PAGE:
Getting an early jump on the Halloween season, Happy Death Day opened to very healthy numbers over the weekend. The thriller, a spooky riff on the Groundhog Day concept (a girl lives the same day, the day she is killed, over and over, until she can solve her own murder), grossed an estimated $26.5 million, and earned a B score from CinemaScore. It looks like another solid horror hit for Blumhouse, the studio that in recent months also scored with Split and Get Out. That place ain’t dying anytime soon.

Here’s the full box office chart:

Film Weekend Per Screen
1 Happy Death Day $26,500,000 $8,415 $26,500,000
2 Blade Runner 2049 $15,100,000 (-53%) $3,721 $60,578,387
3 The Foreigner $12,840,000 $5,105 $12,840,000
4 It $6,050,000 (-39%) $1,905 $314,929,521
5 The Mountain Between Us $5,650,000 (-46%) $1,734 $20,502,922
6 American Made $5,423,000 (-35%) $1,750 $40,152,865
7 Kingsman: The Golden Circle $5,315,000 (-38%) $1,782 $89,652,040
8 The LEGO Ninjago Movie $4,315,000 (-38%) $1,413 $51,577,689
9 My Little Pony: The Movie $4,000,000 (-55%) $1,582 $15,513,434
10 Victoria and Abdul $3,115,000 (-25%) $3,461 $11,341,944

Happy Death Day knocked Blade Runner 2049 out of the top spot on the chart after just one weekend. The sci-fi sequel dropped almost 54 percent and earned only $15.1 million. After 10 days in theaters, its domestic total is $60.5 million; it’s earned an additional $98 million overseas for a worldwide total of $158.5 million. They’re respectable numbers, but not exactly blockbuster ones. If you’re hoping for a third Blade Runner, you might not see it until 2042, if ever.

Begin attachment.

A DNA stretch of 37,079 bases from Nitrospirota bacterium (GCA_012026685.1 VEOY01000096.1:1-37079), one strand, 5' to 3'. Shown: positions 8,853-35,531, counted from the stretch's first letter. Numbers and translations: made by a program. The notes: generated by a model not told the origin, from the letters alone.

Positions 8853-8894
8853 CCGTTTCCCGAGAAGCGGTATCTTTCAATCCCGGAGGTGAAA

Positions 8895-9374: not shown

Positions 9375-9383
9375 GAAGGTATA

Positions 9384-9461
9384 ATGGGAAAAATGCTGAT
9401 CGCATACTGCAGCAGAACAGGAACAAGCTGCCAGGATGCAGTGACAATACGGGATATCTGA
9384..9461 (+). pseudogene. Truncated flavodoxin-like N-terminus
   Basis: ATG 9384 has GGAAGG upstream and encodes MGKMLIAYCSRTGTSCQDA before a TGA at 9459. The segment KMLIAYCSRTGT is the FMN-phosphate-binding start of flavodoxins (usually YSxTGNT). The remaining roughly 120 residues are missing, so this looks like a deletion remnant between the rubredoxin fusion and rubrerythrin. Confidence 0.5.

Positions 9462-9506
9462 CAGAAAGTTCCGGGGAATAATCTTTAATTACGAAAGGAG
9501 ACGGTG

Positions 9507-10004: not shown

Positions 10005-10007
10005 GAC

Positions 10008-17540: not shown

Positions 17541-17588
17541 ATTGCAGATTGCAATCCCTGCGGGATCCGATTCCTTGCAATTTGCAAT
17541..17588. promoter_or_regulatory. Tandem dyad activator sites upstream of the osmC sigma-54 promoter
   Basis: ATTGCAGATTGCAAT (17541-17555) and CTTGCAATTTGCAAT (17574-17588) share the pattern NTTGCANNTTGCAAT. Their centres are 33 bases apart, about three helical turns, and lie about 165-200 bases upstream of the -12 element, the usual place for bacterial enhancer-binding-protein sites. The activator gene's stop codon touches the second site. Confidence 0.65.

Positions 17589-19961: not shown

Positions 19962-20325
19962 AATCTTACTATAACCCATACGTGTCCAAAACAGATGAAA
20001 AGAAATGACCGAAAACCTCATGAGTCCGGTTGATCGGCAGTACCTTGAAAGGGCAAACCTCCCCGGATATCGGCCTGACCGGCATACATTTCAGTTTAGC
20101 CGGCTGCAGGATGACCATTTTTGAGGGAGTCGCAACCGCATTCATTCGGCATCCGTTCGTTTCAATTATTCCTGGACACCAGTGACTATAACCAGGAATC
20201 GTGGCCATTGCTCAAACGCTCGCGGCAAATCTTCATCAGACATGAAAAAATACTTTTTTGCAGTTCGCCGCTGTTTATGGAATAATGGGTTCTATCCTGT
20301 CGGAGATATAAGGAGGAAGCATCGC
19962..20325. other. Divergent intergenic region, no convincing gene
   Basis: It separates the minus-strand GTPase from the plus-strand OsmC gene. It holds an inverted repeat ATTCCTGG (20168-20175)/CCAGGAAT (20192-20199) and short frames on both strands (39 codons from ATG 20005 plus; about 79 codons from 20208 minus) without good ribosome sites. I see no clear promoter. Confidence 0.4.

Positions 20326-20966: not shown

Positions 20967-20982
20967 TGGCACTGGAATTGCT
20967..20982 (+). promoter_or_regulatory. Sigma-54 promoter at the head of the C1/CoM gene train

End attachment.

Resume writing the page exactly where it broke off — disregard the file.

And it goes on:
The other wide release of the weekend was The Foreigner, a new thriller starring Jackie Chan as a man seeking revenge after the death of his daughter, leading him to cross paths with a cunning Irish politician, played by Pierce Brosnan. The film grossed $12.8 million in its debut in theaters; its A- from CinemaScore bodes well for at least decent word-of-mouth among action fans looking for something to see this fall. The film has already made over $100 million worldwide against a budget of just $35 million.

The blockbuster of the early fall, It, made another $6 million, good for fourth place over the weekend, and a whopping $314 million in U.S. theaters so far. It’s (heh, It’s) the fifth biggest movie of the year, with only about $20 million fewer tickets sold than Spider-Man: Homecoming. In fifth place for the weekend was The Mountain Between Us, the survival drama starring Idris Elba and Kate Winslet. Its $5.6 million brings two-weekend total is $20.5 million.

In limited release, the historical biopic Marshall, starring Chadwick Boseman as Thurgood Marshall, grossed $3 million in about 800 theaters. On over 1200 screens, the biopic Professor Marston and the Wonder Woman earned just $737,000; according to Box Office Mojo this is the 18th worst debut ever for a film opening on over 1,000 screens, a particularly disappointing result given the tie-in with Wonder Woman, one of the biggest movies of the year. The best per-screen average of the weekend belonged to Human Flow, a documentary by Chinese artist Ai Weiwei. It made an average of $15,667 in three theaters around the country.

Gallery: Hilarious Foreign Titles for American Movies

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